Ty Sarna wrote:
> In article <000d01bfddfb$4546f070$[EMAIL PROTECTED]>,
> Evan Simpson <[EMAIL PROTECTED]> wrote:
> > ----- Original Message -----
> > From: Jimmie Houchin <[EMAIL PROTECTED]>
> > > Will an app as described above still suffer from problems with high
> > writes?
> > Possibly, but only if there are hidden hotspots. For example, in your
> > 2. Implement the application-level conflict handling you read about, so that
> > Folders and Catalogs can decide that two writes don't conflict after all,
> > and merge them into a single update.
> Unfortunately, this doesn't deal with cases where the conflicting state
> is contained in many objects (see note by PJE in the ZODB Wiki).
Yes it does. (See my response to PJE's note.)
> Also, there is a whole other area of difficulty for high-write-volume
> ZODBs, which is the ammount of IO that needs to be done. First, by
> nature ZODB can't rewrite a single attribute of an object, it has to
> rewrite the entire thing.
Each object (that subclasses Persistent) is analigous to a database
record. When you modify a part of the object (that isn't it's own
persistent object) then you write the entire record. This seems
pretty reasonable to me. Part of ZODB database design, where it
matters, is to balence the size of database objects. If objects are
too big, then the amount of data written on a change is larger.
If objects are too small, then you may incur too much persistence
overhead. Most apps don't need this level of tuning.
> Indexing is also a bear from an IO perspective. First, BTrees currently
> keep a count at each level, so every change to a btree changes a node at
> each level of the BTree. For a ZCatalog, there are a lot of btrees
> (something like 2n+4 for n indexes, I think -- don't quote me on that,
> it's been a while), and each one changes (last I looked, every index was
> updated even if the value indexed in a particular one hadn't changed.
> This may have been improved since). Not only is this bad from a hotspot
> point of view (always a conflict on the root node of the tree), but you
> end up doing a *lot* of IO. During my experiments that led to
> BerkeleyStorage, I was watching the Data.fs grow by 47K per transaction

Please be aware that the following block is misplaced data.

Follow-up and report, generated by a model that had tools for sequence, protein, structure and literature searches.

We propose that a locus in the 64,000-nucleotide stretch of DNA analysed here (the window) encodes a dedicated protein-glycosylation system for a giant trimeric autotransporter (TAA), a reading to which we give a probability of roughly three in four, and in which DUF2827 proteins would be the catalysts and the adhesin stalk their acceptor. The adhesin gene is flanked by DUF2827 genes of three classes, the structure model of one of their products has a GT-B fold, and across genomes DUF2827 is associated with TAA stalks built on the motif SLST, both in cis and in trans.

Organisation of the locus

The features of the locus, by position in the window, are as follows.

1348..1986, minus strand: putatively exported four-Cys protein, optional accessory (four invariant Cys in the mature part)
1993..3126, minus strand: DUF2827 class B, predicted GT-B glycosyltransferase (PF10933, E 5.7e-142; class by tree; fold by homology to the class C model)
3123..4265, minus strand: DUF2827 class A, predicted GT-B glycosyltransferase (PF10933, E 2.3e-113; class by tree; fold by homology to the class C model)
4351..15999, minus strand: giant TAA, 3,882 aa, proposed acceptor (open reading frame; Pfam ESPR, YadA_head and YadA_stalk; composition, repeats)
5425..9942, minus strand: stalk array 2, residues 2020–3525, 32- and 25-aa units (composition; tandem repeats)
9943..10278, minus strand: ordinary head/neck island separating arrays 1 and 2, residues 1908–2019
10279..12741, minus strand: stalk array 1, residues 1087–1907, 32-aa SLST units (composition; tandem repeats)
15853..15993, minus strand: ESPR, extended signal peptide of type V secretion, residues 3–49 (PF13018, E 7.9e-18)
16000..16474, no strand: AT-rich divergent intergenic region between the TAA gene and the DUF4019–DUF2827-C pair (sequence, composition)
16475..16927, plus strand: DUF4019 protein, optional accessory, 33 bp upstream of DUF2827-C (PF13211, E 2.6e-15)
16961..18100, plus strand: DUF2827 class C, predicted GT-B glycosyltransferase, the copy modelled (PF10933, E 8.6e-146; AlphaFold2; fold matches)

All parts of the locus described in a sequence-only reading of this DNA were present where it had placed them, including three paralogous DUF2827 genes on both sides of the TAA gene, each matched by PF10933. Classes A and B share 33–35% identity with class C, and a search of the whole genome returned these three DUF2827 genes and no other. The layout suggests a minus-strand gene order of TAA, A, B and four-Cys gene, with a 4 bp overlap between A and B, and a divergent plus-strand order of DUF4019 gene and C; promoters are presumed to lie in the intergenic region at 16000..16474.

> for adding indexed objects of ~1K in size. Watching this with
> tranalyzer, this turns out to be 1K of object, and 46K of updated btree
> pages :).
This is a significant problem. The current BTree implementation,
which predates Principia, was designed for very different applications
than it's being used for now. We are working on a new BTree
implementation that does away with these counts. This should have
a huge impact. We are also looking at getting rid of other hot spots
in the current ZCatalog (e.g. internal id assignment).
> Note that BerkeleyStorage only prevents the file from growing
> that much -- it still has to do all that IO (in fact, it has to do ~2-3
> times that much IO, due to the nature of BerkeleyDB. A relational
> storage would have similar issues. For ammount of IO done, FileStorage
> is about as efficient as you can possibly be -- it's just that it trades
> that off against space reclamation).
> Also, with any kind of Berkeley or Relational storage, there is a second
> hidden IO and storage penalty: you're storing a btree inside a btree. In
> other words, the lower-level DB uses btrees to store your objects,
> including interior nodes of the higher-level ZODB btree. Every interior
> node of the ZODB Btree needs a leaf node (and supporting interior nodes)
> in the DB's btrees. so you get taxed twice, on both I/O and storage
> space used.
I don't agree with the conclusion of this analysis. The indexes
used in the underlying storage are indexing totally different information.
They are effectively using indexes to provide persistent memory management.
They aren't indexing the application keys.
OTOH, I have some sympathy with a related issue. You and Phillip
have argued that the ZODB should provide indexes, rather than leaving
indexes to application level code to avoid maintaining undo information
for indexes. After all, indexes can, in theory, be recomputed from
data records after an undo. While I think that this idea has some
merit, I don't think it offers enogh benefit to make it a high
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